The councillors dismissed the people present and deliberated for just under one hour, a record apparently, before giving their verdict. Without going into each item, i.e. outside music to be limited to 9pm, the license was granted between 7am and 2am, knocking an hour off the original application.
The result came as a surprise to all the residents, given the number of objections presented, the support of the police and what those present believed to be the principles of democratic practise and accountability, particularly given the Prime Minister’s recent stand on drinking and anti-social behaviour in the community.
Read The Times report on Judges opposition to extended licensing.
You'll see the BBC side bar story: "Police step up mini bike campaign"
Police now have the power to seize and destroy mini bikes and owners have been told by police they are no longer taking a lenient approach to those who are caught breaking the law.
I've just had a word with Kent police, pointing out where the mini-bike and scooter racing takes place on the promenade between St Mildred's and Westbay in the evenings and the fact it's been mentioned, with photos, two weeks back. "Have a look", I suggested, "it may save you some effort."
I've been reading some of last week's comments about local services and some are pretty scathing. I've been doing some digging of my own recently and have met with the council Chief Executive and several local councillors over the last fortnight. I've even been allowed to read some of the plans and financial documents in confidence.
Now if you believe that I'm objective and hope you do, then I can tell you that a great many people are working very hard to make our lives better in Thanet without having to raise the community charge and within the financial resources available.
This demands some creative juggling or different priorities with the money that's at hand but perhaps more importantly, an understanding that customer service has to be at the very front of the relationship between local government and its citizens.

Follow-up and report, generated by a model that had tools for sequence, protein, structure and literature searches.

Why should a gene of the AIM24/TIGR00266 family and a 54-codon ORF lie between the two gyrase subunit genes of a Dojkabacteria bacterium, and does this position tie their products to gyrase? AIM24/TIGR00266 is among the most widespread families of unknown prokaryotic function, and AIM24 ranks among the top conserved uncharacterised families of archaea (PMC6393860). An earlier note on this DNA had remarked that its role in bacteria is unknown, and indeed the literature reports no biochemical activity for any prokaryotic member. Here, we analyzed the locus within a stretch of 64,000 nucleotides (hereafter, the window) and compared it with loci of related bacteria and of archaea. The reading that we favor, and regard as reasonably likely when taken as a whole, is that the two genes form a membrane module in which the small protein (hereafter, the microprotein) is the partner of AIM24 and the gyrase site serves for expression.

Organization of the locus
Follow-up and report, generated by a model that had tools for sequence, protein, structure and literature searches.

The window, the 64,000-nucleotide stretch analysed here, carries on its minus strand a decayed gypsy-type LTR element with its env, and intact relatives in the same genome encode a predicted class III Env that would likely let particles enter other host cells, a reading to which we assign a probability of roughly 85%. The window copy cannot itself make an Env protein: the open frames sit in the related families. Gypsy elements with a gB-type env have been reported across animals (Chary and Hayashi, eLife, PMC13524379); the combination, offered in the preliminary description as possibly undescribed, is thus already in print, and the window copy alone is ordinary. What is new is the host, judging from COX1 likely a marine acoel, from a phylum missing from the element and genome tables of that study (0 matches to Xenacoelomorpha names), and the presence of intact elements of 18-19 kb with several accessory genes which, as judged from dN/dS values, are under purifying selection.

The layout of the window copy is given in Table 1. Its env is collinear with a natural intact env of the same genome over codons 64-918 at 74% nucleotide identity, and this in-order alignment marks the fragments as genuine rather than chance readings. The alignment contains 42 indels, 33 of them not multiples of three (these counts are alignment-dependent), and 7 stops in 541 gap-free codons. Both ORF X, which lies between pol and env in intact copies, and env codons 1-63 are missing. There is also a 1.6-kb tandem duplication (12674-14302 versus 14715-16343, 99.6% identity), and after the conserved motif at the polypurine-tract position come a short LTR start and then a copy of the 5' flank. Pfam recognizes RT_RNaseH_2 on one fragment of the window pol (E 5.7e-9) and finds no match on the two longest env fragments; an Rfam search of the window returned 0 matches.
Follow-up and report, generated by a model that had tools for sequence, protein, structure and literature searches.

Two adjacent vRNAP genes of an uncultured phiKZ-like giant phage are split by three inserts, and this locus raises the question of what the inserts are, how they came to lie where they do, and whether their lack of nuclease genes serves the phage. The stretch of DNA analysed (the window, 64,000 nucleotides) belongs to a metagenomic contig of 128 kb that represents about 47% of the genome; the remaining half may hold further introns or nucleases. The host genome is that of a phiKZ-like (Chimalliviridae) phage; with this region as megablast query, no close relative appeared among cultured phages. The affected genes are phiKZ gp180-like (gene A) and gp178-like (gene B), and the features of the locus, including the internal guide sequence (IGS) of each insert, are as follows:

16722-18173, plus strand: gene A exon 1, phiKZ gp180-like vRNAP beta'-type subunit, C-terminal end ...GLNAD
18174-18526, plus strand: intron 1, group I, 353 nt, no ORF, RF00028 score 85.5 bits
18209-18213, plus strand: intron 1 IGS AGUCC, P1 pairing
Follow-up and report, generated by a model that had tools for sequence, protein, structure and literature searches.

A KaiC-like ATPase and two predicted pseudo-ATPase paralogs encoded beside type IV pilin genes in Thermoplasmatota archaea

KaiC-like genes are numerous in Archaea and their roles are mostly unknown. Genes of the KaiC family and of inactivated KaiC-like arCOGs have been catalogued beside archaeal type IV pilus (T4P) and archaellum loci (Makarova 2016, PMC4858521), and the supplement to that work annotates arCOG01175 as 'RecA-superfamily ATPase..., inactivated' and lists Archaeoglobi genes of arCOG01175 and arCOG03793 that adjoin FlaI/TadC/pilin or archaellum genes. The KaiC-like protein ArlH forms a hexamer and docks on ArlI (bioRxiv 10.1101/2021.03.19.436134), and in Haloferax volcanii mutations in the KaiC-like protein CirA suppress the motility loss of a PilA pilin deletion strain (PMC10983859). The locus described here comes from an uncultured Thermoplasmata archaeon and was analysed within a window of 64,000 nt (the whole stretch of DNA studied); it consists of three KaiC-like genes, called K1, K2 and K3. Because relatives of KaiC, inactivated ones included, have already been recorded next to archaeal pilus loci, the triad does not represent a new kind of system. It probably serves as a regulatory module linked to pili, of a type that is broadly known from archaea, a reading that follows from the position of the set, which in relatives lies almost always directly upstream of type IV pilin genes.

I could write for hours about this because good government or advising governments on developing good governance is what I do and inviting me in for a chat to the management team on what I think are our local problems is a positive step. In the background however, much of the work has already started and if I'm honest with my readers, I'd say that councillors and council senior executives know very well where the improvements and changes have to be made but have to educate or convince, as expressed by Richard Samuel in my earlier interview, the people who actually deliver your services to do this in a joined-up and cost-efficient manner; with a huge lump of initiative thrown in as well.
I'm not writing as an apologist for local government, rather I'm saying that a good start has been made in identifying priorities and tackling them, rubbish and making Thanet look nice being one example. The people who read this weblog invariably value the changes I'm describing but there are many thousands in Thanet who don't share these values and may never appreciate clean streets and parks and neat flower beds. My view then, for what it's worth is that collectively across local government, a real effort is being made and that the results should start to become more visible by April of next year, because of the changes being made to service contracts. Then would be a good time to judge what's been achieved while keeping up the pressure to represent your views and ideas to local councillors and even this website.
Sunday, August 07, 2005
I'm just in from the Woodchurch Airshow - photos here - and on the way home I'm reminded, that with Manston closed, there's one huge photo opportunity across the area which was very tricky to get into when the airport was working, so expect some new photos of sites like the new Marlowe Academy, Manston, Ramsgate and so on very soon!
Saturday, August 06, 2005
Akin Ojumu writes of his Margate experience in the eighties and compares it with the Thanet of Today in the Observer newspaper.
"I left with mixed feelings. In many ways it was wonderful to come back, almost like revisiting my home town, although seeing Margate in the flesh was an antidote to my nostalgia. I longed to have the same response to the place that I once had, but as I walked along the clifftop back towards the train station, thinking about old friends and memorable moments, I realised that had perhaps been away too long."
Read the full story.
Object now to more high-rise concrete in a conservation area
I has an email this evening from a local resident of Westgate who asked: